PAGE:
George Lucas, Pastiche, and The Man Who Saved The World

I read a Washington Post article a few days ago stating that Lucasfilm (George's production company) would be offering a free service for fans to re-edit their own versions of Star Wars in any way, with what ever content, they'd like. Sounds like a great idea, until one realizes that part of the deal is that Lucas retains all right to the content made. All of it. 100%. Of course, legally Lucas is entitled to this, he owns the copyright for the Star Wars films and can license it anyway he likes. Reading this piece, I was reminded of a moment in cinema history when George Lucas' stringency couldn't be so enforced so easily. A time when, say, an entire nation's film industry could steal copyrighted material to be used in their own productions. A time which now, in this high-tech age where any kid with a joystick can make a movie, that was long, long ago in a galaxy far, far away… Turkey, 1982, to be precise.

Ladies and gentleman, I present:

TURKEY FRIED LUCAS AND THE CINEMATIC PASTICHE


Fredric Jameson remains one of the foremost critics on “post-modernism.” That’s an impressive feat, considering that post-modernism has been one of the hardest theoretical terms to nail down. Post-modernism is the theoretical response to post-modernity, a historical state which, if nothing else, is defined by its complexity. Oftentimes critics will joke that post-modernism is defined by its undefinability. These critics have no sense of humor. Besides that, they aren’t very helpful. Furthermore, if I may opine a moment, I honestly think that these are a bunch of pansy cake tooty frooty critics who are also bogus. I think they’re just too afraid to actually put a theory out there because they are worried someone else will tell them they are wrong, beat them up, and steal their lunch money. After all, who are the people who grow up to be critical theorists? Nerds. The kids whose parents forced them into training for the National Spelling Bee and who time and again spell xylophone incorrectly such that they have a phobia about giving any answer at all. Fredric Jameson is not one of these little wimps. Fredric Jameson is bad ass. And that’s why, despite the whining from the other critical losers, people know who Jameson is and don’t care how you spell xylophone. So then, how does one paraphrase Jameson’s definition of post-modernism? Well, honestly it’s rather difficult to pin down, but there is one element that I read and appreciated: Jameson’s theory on the pastiche. The pastiche, as Jameson defines it: Is parody without irony. That is, a piece of art which parodies another without trying to be funny about it. The parody takes itself completely seriously. This, Jameson says, is a prime example of a post-modern aesthetic. If you see pastiche, you know you’re seeing post-modern art. Now, that doesn’t cover all post-modern art, of course (that’s beyond the scope of this telescope), but it does cover one legendary piece of film cinema.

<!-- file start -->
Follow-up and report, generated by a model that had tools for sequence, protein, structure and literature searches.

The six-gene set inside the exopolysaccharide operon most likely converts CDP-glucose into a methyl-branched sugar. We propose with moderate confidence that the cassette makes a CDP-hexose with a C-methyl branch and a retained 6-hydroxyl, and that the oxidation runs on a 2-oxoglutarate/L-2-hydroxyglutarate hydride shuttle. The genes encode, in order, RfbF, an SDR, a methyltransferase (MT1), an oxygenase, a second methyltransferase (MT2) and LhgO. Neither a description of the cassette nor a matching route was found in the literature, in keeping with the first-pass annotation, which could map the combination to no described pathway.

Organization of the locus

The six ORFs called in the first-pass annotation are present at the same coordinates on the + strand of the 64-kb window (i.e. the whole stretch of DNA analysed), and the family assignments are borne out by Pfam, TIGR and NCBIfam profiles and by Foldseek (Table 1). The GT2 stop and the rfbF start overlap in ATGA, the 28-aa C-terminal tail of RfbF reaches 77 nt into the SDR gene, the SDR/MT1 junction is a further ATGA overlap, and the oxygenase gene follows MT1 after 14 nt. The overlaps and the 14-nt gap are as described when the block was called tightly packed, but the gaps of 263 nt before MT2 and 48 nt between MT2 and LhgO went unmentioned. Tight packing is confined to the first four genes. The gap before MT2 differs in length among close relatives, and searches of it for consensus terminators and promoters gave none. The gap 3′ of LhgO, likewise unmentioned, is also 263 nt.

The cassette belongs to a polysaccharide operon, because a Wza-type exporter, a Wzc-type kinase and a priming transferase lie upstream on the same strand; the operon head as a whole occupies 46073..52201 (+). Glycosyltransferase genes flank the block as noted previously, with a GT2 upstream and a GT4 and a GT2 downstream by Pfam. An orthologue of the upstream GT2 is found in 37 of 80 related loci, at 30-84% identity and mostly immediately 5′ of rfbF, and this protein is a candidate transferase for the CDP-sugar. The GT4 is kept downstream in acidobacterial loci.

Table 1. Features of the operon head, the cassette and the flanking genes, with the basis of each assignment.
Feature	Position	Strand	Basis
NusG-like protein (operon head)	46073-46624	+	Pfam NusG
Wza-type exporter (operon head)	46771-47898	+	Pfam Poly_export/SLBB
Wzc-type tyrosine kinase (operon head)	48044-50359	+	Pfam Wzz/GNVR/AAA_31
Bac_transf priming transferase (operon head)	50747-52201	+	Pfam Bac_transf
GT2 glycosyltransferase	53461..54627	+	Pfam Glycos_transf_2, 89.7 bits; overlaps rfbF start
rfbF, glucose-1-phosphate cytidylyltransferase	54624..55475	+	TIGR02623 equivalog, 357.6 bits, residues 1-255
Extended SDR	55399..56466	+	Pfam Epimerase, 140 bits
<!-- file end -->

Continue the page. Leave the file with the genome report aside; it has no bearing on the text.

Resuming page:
The year was 1977 and an up and coming director known as George Lucas was attending the premier of his latest feature film. The film could best be described as a sushi western set in space, but it was better known as Star Wars. The film would go on to spawn massive success by blending key elements of the samurai, American western, and sci-fi film genres. One could make a good argument that in this sense Star Wars is an example of Jameson’s idea of the pastiche (it parodies these other genres, but still takes itself completely seriously… hence the prequels… shudder). But that’s not the film I’ve been alluding to. No, in fact before Star Wars itself became almost a self-parody (…hence the prequels… shudder) it was pas-stitched together by another film: The Man Who Saves the World, also known as, Turkish Star Wars.

To speak of the nation of Turkey’s movie industry would be to speak of God… if you’re an atheist. It didn’t exist. American Hollywood culture, meanwhile, was disseminated and inseminated across the globe, an Turkey wanted in on the act. This was difficult as Turkey lacked all the infrastructure, research, and development that American cinema had developed over the past few decades, especially in the department of special effects. How could they possibly compete with the American special effect blockbusters like George Lucas’ Star Wars? Simple: steal from them.

Now, I’m not just talking about stealing filming techniques, storyboards, or hell even equipment. I’m talking about stealing actual footage and placing directly into one’s own film. This is exactly what the Turks did, stealing combat scenes from Star Wars and music from Raiders of the Lost Ark and splicing them into the actual Turkish footage. The result is Turkish Star Wars, the greatest testament-as-artifact of the post-modern era.

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